Why then struggle? “If you don’t believe in a transcendental justice, in ultimate punishment and reward, what prevents you from becoming an opportunist?” asks Father Millet in The Age of Longing. Julien answers. To understand mankind is neither to forgive, nor to yield to illusion, nor to crawl back into any warm bed of faith, but to be able to wait expectantly. “Those who are under the curse of honesty to themselves must remain mangy lone wolves with nowhere to huddle for warmth.”

For almost two decades, while politics has remained for him in the hollow of the wave, Koestler has been seeking warmth in a larger view of mankind. Insight and Outlook (1949), The Sleepwalkers (1959), The Act of Creation (1964), and The Ghost in the Machine (1967) are all, in their various ways, efforts to situate man in a coherent vision of the universe. To do so he ventures boldly to disregard the conventional disciplines within which modern knowledge is compartmentalized. He has the advantage of daring in an era in which scholarship generally asserts its conclusions timidly and tentatively; and he is able enough to deal intelligently with the subject matter of psychology, genetics, aesthetics, and history.

The exposition in these books is not systematic or analytical. Although Koestler is groping toward a comprehensive theory, he does not attempt to prove it in a scientific fashion. The argument is literary; it depends upon parables and analogies and seeks to convince the reader by satisfying descriptions of a whole vision rather than by precision of detail. The wit of his sallies against behaviorist psychology and the absolute certainty with which he writes about much of which scientists are still uncertain cover over some awkward crevices in his theory. But discussion of these matters is not really germane to his purpose.

The fundamental question that occupies Koestler in these books is that distilled from his political works: does man’s schizophrenic nature doom him to destruction? The Ghost in the Machine poses the issue bluntly. Evolution erred in the course of the growth of the human neocortex and left implanted in man a paranoid streak which has repeatedly asserted itself through history. In the past, the resulting disasters were limited and tolerable; they might damage a generation or sweep away a nation, but they did not threaten the existence of the species. Now, however, we arrive at a moment of climax, for unrestrained population growth has upset the ecological balance of the earth and the amassed power of nuclear destruction can incinerate the total achievements of the past.

The Ghost in the Machine pleads for a biochemical discovery that will normalize humanity by improving the coordination among the circuits of the brain, will attenuate conflicts and prevent the blowing of fuses. The breakthrough from maniac to man would permit a rational confrontation with and solution of the earth’s critical problems. The vast inquiry carried through these four volumes has a single objective — the demonstration that such an act of creation as is required for the necessary biochemical discovery is possible. Man’s responses in any given situation arc not simply dictated by external stimuli. Will, knowledge, and conscious effort have a role in the evolutionary process and in all interactions with the environment.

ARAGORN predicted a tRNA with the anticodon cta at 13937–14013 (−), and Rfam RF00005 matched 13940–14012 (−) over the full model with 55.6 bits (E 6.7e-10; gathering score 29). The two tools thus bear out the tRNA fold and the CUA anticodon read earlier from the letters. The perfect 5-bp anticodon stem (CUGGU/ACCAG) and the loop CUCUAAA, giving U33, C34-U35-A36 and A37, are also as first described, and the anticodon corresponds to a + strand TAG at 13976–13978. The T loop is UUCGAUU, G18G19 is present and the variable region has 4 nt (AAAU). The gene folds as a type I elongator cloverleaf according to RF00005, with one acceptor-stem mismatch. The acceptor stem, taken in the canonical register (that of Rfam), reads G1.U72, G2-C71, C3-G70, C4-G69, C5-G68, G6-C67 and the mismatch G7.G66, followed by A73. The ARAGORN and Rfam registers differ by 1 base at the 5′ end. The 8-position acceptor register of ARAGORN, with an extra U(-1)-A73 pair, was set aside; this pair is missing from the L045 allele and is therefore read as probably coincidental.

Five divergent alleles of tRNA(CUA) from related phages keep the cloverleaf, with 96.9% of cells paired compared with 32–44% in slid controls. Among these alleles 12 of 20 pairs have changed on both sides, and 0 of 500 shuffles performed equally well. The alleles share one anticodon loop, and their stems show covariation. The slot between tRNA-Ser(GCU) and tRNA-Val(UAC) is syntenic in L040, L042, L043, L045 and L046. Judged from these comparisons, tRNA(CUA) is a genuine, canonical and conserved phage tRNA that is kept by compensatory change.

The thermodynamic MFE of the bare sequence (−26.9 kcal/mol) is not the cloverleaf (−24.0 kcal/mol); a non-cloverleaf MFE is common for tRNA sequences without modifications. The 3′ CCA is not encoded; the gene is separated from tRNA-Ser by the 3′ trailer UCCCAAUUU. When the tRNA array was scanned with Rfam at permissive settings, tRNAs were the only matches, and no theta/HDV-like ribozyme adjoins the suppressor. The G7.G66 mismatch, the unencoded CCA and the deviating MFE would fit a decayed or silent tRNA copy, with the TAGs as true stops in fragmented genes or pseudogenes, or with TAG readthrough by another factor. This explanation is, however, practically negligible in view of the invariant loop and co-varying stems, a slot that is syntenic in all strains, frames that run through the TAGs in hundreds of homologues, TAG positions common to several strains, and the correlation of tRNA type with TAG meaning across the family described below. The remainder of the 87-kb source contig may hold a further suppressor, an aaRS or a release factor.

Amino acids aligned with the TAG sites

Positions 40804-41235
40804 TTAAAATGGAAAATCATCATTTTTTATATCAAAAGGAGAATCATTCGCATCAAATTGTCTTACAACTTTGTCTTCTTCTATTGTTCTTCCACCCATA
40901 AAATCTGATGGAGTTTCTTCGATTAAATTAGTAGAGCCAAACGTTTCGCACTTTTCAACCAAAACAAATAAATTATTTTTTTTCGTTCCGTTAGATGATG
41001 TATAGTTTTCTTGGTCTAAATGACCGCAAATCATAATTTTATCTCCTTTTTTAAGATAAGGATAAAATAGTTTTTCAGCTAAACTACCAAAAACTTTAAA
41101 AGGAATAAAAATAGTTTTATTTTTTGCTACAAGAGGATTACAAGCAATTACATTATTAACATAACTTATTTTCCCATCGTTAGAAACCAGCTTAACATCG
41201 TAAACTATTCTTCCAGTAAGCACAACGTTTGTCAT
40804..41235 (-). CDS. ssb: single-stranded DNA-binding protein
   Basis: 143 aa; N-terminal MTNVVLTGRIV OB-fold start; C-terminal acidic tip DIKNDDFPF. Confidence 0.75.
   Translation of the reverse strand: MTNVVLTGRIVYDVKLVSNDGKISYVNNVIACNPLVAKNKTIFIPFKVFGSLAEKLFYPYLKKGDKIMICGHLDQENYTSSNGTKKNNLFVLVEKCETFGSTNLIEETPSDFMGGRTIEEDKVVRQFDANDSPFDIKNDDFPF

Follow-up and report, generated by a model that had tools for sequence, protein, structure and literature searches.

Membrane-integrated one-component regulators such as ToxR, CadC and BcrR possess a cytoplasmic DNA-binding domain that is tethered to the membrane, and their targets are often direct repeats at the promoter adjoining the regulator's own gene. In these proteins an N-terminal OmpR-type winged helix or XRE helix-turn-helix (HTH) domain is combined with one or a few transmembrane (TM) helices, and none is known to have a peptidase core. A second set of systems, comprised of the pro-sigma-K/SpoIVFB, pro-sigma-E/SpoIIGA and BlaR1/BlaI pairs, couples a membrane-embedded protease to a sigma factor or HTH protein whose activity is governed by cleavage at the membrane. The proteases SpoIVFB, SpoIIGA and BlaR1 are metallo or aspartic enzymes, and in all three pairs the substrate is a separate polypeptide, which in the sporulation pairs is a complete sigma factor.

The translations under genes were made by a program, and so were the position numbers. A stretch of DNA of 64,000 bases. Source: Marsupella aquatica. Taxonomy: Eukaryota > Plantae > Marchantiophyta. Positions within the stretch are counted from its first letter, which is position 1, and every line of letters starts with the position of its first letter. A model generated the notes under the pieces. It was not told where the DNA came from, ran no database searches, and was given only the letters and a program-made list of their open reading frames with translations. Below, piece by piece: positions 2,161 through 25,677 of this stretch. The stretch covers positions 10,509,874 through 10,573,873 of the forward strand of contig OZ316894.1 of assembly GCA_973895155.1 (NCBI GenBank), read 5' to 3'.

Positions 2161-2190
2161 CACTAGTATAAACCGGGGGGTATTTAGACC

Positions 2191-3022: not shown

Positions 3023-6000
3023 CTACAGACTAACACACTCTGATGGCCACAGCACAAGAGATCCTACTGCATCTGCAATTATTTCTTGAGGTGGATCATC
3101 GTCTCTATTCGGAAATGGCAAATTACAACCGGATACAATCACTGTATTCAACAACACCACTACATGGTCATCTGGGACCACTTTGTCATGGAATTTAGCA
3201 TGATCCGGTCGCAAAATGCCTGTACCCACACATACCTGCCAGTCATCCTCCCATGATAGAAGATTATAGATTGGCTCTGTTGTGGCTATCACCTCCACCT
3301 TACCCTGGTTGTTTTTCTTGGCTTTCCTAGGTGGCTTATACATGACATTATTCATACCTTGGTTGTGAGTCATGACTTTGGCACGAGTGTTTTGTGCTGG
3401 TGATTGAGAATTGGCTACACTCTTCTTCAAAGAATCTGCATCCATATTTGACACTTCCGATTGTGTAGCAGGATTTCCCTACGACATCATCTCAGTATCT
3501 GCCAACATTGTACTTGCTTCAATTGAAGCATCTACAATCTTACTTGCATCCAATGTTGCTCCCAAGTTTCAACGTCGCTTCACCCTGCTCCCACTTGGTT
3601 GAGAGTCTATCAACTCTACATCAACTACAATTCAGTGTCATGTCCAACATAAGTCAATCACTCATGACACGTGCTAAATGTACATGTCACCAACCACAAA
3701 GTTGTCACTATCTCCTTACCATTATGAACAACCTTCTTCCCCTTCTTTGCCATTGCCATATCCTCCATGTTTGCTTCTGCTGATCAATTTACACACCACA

Basic to this conclusion and to the fragments of hope attached to it are a denial and an affirmation. The denial is of utter randomness and accident in the universe, which would leave evolution a totally purposeless and materialistic process. And the affirmation is of the glory and the uniqueness of man in his capacity to adapt to the challenge of changes about him. The hidden source of this consolatory vision, which is perhaps the most in which a sensitive observer of the 1960s can indulge, is thus the same love of man which earlier led Koestler into and beyond radical politics.

Among the illusions Koestler has discarded is the Enlightenment’s unqualified faith in reason. He has enough self-knowledge and understanding of others to know that there are also other springs of men’s actions. In Darkness at Noon, he speculates, “Perhaps reason alone was a defective compass, which led one on such a winding twisted course that the goal finally disappeared in the mist.” In The Age of Longing, he smiles at “Hercules the AtomSmasher, longing for a universe whose laws were the same for the stars and men, and were open to the mind’s understanding.”

Nevertheless, he cannot escape his own faith in rationality. His dismay at psychosomatic politics based on passion, his wish that words be taken seriously, indeed the whole enterprise to locate man’s place in the universe rest on the premise that a coherent order will yield its secrets to man’s understanding. Reason, he knows, is far from governing human behavior. But it should, even if a miracle drug is required to enable it to.

The belief that man had a unique destiny in an orderly, purposeful, and rationally comprehensible universe was Koestler’s legacy from the Central European Jewish world which in a previous generation had produced Freud and Einstein. Koestler’s predecessors, who matured before the end of the nineteenth century, had left behind the traditions of Orthodoxy and could pursue discovery optimistically within the stable institutions of the German and Austrian empires. Koestlcr’s circumstances were different and less fortunate. Further removed from tradition than the nineteenth-century young men, he reached adolescence while Europe spun out of control under the shock of a cataclysmic war. He searched for meaning while he himself suffered from the total disorientation of the society about him.

That time of troubles, in the 1920s and 1930s, left him a commitment and an insatiable yearning. The commitment, to which he has adhered through life, was to the inviolability of man’s dignity. The yearning for some total, utopian, assurance of human security and freedom led him to Communism, and then, after that god failed, to a quest for a magic creative stroke of science that would effect the transformation that revolution had been incapable of achieving.

The alternative, which the course of his life and the character of his times seemed to close off, was a succession of small steps toward more immediate goals. Koestler, like later generations of radicals, was dubious about the worth of such paltry gains. But the tragic effects of efforts at overreaching, demonstrated in his own life and work, suggest that the more moderate alternative might have been more rewarding. The putative revolutionaries of our own time would do well to ponder the choice.